Pan-Continental Operation Busts Money Launderers for Europe’s Cybercriminals

Police in several European countries arrested 20 suspects in an operation to bust one of Europe’s largest criminal networks, the QQAAZZ money laundering ring, which served the continent's most prominent cybercriminals, Europol said Thursday in a statement.

Amidst the COVID-19 pandemic, the new world of widespread remote working has opened up novel vulnerabilities and therefore possibilities for cybercriminals. (Source: Europol)Amidst the COVID-19 pandemic, the new world of widespread remote working has opened up novel vulnerabilities and therefore possibilities for cybercriminals. (Source: Europol)QQAAZZ is believed to have laundered tens of millions of stolen Euros through a variety of corporate and personal bank accounts.

 “The QQAAZZ members secured these bank accounts by using both legitimate and fraudulent Polish and Bulgarian identification documents to create and register dozens of shell companies which conducted no legitimate business activity,” Europol said.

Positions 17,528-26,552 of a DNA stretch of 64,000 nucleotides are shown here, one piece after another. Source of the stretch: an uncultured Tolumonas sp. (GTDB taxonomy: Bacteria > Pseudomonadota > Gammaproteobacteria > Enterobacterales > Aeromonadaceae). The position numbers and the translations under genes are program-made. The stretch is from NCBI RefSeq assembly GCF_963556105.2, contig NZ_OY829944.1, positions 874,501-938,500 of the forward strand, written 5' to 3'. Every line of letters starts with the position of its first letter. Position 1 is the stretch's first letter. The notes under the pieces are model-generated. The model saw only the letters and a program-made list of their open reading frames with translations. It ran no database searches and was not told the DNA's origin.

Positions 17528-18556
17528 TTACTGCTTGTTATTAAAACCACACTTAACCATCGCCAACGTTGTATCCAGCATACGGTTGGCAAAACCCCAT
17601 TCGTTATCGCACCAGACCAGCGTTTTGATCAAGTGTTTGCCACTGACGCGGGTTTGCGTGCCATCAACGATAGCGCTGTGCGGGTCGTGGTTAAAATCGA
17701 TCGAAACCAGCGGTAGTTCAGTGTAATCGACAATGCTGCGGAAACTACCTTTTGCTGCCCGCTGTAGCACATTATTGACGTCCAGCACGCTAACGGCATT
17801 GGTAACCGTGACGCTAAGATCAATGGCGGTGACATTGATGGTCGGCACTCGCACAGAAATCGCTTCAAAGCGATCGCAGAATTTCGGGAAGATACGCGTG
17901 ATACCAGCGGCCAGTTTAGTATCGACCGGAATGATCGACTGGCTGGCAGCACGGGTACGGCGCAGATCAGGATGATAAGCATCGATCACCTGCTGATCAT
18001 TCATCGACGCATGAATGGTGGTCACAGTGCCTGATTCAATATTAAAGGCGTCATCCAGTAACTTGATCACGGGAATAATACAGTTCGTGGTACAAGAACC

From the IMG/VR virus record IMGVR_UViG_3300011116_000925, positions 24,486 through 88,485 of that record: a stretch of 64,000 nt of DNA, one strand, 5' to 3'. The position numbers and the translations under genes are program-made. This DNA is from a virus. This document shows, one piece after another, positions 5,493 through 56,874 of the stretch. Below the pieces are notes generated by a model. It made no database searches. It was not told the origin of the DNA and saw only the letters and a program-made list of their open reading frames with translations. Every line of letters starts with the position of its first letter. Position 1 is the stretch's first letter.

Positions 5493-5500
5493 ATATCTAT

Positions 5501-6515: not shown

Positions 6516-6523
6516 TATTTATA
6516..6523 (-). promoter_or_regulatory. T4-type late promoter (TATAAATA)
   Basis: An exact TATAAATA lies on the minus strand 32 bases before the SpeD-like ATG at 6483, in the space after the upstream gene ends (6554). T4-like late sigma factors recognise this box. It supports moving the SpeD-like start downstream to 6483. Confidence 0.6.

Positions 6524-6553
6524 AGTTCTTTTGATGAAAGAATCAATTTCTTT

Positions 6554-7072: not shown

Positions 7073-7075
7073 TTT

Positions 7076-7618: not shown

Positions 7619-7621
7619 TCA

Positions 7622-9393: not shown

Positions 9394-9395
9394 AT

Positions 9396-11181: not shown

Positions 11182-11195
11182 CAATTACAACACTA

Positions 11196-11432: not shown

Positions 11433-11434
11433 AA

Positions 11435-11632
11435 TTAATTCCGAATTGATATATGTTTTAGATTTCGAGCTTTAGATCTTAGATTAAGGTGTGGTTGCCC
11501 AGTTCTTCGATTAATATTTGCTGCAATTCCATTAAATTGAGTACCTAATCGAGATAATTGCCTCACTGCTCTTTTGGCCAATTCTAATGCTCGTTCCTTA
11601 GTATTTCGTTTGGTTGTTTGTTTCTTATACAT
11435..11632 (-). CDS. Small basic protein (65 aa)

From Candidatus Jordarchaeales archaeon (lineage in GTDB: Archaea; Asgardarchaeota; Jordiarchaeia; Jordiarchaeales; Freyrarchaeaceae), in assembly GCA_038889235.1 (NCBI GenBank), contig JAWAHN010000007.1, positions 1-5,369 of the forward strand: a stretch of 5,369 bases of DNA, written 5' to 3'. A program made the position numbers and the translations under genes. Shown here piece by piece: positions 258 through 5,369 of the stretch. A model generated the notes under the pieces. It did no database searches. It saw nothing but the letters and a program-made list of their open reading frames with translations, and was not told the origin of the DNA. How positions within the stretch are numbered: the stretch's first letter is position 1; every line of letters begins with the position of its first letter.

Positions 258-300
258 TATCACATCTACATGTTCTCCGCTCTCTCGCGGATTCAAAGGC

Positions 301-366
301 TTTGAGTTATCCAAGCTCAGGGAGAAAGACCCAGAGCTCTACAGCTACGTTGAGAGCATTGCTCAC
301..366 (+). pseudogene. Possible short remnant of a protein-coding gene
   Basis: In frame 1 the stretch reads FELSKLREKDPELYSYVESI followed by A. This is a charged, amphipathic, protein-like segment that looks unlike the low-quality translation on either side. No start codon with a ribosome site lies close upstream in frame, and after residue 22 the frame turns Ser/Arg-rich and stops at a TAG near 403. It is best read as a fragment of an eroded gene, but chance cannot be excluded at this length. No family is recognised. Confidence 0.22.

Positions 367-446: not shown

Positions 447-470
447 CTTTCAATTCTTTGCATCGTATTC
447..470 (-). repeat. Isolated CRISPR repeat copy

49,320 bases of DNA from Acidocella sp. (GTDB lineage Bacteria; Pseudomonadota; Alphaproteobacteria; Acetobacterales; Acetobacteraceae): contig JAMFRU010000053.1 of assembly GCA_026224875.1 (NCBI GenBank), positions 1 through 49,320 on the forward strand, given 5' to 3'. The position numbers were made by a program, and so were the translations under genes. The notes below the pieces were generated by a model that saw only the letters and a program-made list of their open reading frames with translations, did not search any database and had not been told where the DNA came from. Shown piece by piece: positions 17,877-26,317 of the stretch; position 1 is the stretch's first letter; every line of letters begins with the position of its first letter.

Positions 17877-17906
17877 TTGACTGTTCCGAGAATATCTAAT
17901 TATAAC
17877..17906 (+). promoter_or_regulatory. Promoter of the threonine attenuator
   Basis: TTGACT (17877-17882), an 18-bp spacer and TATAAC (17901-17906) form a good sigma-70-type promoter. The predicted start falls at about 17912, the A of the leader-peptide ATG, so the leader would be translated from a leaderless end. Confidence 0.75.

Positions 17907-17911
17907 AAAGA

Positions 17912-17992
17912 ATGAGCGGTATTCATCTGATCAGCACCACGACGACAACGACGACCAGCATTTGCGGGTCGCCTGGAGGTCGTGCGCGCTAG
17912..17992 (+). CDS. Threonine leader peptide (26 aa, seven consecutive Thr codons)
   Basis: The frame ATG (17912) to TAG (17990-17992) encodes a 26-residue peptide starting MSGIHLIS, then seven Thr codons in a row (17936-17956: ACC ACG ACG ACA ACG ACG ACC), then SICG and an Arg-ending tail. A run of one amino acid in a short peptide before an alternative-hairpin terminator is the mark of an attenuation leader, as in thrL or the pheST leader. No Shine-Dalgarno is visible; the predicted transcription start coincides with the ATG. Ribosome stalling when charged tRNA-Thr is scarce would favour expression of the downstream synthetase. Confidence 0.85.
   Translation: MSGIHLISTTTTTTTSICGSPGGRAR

The group then advertised itself as a “global, complicit bank drops service” on Russian sites frequented by cybercriminals, where some of the worlds most notable cybercriminal families, like Dridex, Trickbot and GozNym, acquired their services.

 Law enforcement agencies of 16 countries were involved in the operation, during which “some 40 house searches were carried out in Latvia, Bulgaria, the United Kingdom, Spain and Italy.”

 However, the focus was on Latvia, where the bulk of the searches took place.

 The United States, Portugal, the United Kingdom and Spain initiated criminal proceedings against those arrested, according to Europol.

 “Cybercriminals are constantly exploring new possibilities to abuse technology and financial frameworks to victimise millions of users in a moment from anywhere in the world,” said Edvardas Šileris, head of Europol’s European Cybercrime Centre.


Cybercrime has been a particular threat amidst the global COVID-19 pandemic. The new world of widespread remote working has opened up novel vulnerabilities and therefore possibilities for malware and ransomware attacks as criminals, like much of the rest of the world, are also working from home.